Legal information found on this website is provided by the Law Society for general information purposes. It should not be considered as legal advice. For proper legal advice and assistance, please consult a lawyer.
FAMILY LAW, DIVORCES & CHILD CUSTODY
FAMILY LAW IN THE NWT
The NWT Justice Department has published a Family Law Manual that reviews your rights and responsibilities within a family setting. The book provides an overview on Separation and Divorce, Child Custody, Child Abuse and Family Violence, as well as more information on such things as Adoption and the role of Lawyers within family law.
To download a PDF version of Family Law in the NWT, Click Here.
CHILD CUSTODY AND ACCESS
For information on child custody and access in the NWT, please see the Department of Justice Website here.
For information related to child support, please see the Department of Justice Website here.
FAMILY MEDIATION PROGRAM
Mediation is an alternative to court. It offers a cooperative approach to solving legal problems. The Family Mediation program is a free service that can help people who are separating or divorcing to agree about:
- where their children will live
- how they will continue to be good parents
- financial support
- property division
For information on the Family Mediation Program, which offers up to nine hours of free legal advice, please click here.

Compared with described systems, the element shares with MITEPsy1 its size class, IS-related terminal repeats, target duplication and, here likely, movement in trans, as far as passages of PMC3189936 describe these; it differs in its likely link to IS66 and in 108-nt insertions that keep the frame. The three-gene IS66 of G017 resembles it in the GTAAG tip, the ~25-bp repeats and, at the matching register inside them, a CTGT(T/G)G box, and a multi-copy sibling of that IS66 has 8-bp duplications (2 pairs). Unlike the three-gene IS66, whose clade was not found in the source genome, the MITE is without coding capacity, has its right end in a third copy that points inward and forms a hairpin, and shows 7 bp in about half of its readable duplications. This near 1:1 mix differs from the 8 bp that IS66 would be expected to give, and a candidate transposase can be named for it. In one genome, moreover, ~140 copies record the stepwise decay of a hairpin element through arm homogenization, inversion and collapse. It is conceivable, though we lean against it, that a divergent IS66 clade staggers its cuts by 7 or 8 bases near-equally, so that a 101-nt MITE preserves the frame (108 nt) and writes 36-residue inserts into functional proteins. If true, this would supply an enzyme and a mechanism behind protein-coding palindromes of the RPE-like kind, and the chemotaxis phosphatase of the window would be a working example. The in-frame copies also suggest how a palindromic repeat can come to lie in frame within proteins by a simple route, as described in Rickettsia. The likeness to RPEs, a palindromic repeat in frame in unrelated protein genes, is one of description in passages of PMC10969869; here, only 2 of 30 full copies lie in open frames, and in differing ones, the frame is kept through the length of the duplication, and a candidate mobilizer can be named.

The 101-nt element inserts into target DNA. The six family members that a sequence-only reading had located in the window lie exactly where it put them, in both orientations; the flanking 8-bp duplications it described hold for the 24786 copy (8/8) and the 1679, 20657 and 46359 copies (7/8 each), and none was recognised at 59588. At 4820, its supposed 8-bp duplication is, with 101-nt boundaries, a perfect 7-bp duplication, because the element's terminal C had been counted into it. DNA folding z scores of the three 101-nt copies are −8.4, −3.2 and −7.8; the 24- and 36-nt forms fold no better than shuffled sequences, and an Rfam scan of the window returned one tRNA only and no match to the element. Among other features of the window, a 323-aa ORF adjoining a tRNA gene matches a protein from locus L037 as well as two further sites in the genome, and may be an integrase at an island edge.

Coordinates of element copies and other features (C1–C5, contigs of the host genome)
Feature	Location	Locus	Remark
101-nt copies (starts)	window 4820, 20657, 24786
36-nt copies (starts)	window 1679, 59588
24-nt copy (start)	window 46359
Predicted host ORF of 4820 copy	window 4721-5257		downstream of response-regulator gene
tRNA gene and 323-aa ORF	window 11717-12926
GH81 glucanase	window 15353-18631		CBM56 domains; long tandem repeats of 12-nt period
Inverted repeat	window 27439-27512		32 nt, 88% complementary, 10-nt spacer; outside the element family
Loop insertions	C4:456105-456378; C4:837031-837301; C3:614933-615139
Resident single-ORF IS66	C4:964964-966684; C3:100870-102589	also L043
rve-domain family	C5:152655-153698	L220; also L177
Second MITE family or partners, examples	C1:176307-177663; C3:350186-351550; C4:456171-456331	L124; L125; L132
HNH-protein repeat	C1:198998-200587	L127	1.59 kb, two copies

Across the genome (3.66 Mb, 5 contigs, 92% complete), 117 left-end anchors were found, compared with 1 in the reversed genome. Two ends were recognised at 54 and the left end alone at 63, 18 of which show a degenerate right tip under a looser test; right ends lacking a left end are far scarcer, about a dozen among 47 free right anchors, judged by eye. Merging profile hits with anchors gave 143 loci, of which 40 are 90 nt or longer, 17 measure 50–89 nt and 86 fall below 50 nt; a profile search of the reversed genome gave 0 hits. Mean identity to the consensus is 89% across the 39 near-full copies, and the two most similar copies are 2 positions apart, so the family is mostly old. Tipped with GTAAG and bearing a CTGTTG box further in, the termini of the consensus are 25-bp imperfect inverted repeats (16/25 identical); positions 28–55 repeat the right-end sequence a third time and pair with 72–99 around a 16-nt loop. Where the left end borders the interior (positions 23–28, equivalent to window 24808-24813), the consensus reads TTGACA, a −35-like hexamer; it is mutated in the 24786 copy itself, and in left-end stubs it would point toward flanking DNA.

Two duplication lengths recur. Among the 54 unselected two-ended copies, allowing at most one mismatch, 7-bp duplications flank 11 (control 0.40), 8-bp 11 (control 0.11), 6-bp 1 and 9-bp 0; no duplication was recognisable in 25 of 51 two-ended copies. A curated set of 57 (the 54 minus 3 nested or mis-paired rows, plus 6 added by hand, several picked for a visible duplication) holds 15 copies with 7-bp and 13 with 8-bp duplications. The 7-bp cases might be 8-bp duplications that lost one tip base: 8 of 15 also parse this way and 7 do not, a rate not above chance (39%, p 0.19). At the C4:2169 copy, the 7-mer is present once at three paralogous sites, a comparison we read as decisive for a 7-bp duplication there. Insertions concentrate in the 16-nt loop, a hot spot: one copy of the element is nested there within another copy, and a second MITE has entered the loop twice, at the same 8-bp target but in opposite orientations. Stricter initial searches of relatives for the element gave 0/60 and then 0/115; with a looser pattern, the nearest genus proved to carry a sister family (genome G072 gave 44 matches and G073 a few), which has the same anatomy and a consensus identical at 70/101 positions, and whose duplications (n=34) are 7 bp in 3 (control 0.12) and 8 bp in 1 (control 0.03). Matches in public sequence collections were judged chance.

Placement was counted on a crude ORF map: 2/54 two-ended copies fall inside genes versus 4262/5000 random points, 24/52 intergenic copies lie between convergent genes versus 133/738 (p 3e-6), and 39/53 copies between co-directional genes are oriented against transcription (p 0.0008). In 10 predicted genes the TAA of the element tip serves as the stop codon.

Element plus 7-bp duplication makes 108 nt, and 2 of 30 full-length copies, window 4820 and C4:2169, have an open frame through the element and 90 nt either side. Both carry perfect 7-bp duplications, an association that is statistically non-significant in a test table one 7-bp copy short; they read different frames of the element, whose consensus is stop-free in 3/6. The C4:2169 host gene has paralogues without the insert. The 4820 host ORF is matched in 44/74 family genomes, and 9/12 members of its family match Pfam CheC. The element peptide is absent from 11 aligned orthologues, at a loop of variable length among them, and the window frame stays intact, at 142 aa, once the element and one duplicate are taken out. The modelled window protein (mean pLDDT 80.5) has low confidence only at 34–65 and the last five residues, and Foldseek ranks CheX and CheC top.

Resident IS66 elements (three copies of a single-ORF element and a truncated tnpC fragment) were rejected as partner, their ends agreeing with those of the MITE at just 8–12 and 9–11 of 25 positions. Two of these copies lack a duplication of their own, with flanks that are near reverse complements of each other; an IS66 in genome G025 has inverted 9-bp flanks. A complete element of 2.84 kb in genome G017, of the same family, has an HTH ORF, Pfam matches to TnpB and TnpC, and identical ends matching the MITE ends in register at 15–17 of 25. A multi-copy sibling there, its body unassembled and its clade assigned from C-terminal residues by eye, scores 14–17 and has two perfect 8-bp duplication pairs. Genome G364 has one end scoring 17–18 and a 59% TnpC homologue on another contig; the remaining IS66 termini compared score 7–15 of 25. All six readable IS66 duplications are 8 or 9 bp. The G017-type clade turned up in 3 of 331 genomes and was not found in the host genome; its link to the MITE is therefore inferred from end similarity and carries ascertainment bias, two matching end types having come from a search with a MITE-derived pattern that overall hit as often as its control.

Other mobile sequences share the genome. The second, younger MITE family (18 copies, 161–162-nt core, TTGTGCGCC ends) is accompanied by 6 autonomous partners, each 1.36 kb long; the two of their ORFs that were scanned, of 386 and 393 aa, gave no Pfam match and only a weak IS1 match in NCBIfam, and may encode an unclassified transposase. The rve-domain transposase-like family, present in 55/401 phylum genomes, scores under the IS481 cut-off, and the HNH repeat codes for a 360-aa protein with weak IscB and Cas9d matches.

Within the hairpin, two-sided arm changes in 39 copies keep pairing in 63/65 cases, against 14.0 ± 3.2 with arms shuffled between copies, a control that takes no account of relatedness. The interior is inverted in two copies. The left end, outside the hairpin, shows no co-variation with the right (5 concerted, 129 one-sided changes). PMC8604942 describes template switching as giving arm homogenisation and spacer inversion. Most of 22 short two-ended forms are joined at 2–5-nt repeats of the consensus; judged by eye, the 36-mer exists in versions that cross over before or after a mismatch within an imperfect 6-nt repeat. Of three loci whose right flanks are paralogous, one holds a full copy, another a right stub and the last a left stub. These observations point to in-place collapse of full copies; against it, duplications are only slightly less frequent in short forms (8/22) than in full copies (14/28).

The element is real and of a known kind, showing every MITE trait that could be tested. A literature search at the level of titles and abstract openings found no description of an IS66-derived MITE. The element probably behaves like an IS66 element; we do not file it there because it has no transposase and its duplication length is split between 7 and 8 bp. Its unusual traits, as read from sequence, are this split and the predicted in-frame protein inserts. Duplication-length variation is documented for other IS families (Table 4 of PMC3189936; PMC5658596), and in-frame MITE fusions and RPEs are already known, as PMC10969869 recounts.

To talk privately about how a mediator can help you, call 1-866-217-8923. Translation is available in your language.
LEGAL AID COMMISSION
The Legal Aid Commission of the NWT, also known as Legal Aid, provides legal services for those who cannot otherwise afford a lawyer.
FREE LEGAL ADVICE
Free legal advice is now available through the Outreach Legal Aid Clinic. Walk-ins are welcome according to this calendar. Individual appointments can be made by calling 1-867-767-9384 or toll free at 844-497-1319. The Legal Aid Commission Outreach Clinic is located on the 3rd floor of YK Centre East (Suite 305, 4915 48th Street), in Yellowknife. Service disponible en Francais.
WHAT IS POVERTY LAW?
Poverty law deals with issues aimed at promoting access to justice for the poor. The term poverty law describes the broad areas of law and legal needs which arise by virtue of an individual's or a group's poverty. In general, these legal needs have traditionally included the following:
- housing law (landlord/tenant),
- income maintenance law (including employment insurance, Canada Pension Plan, social assistance, family benefits, and workers' compensation),
- work-related issues (including employment standards, and occupational health and safety), and
- and consumer and debt problems.
Poverty Law can also include family law, child welfare and human rights.
SMALL CLAIMS COURT
The Territorial Court of the Northwest Territories has jurisdiction to hear civil cases where the monetary amount in dispute does not exceed $35,000. It provides a convenient and inexpensive forum and procedures are more informal, faster and cheaper than in other Courts. Lawyers may appear, but the parties may and often do represent themselves. Unless exceptional circumstances exist, Judicial Dispute Resolution must be attempted prior to setting a trial date.
Hours and contact information for Small Claims Court can be found here.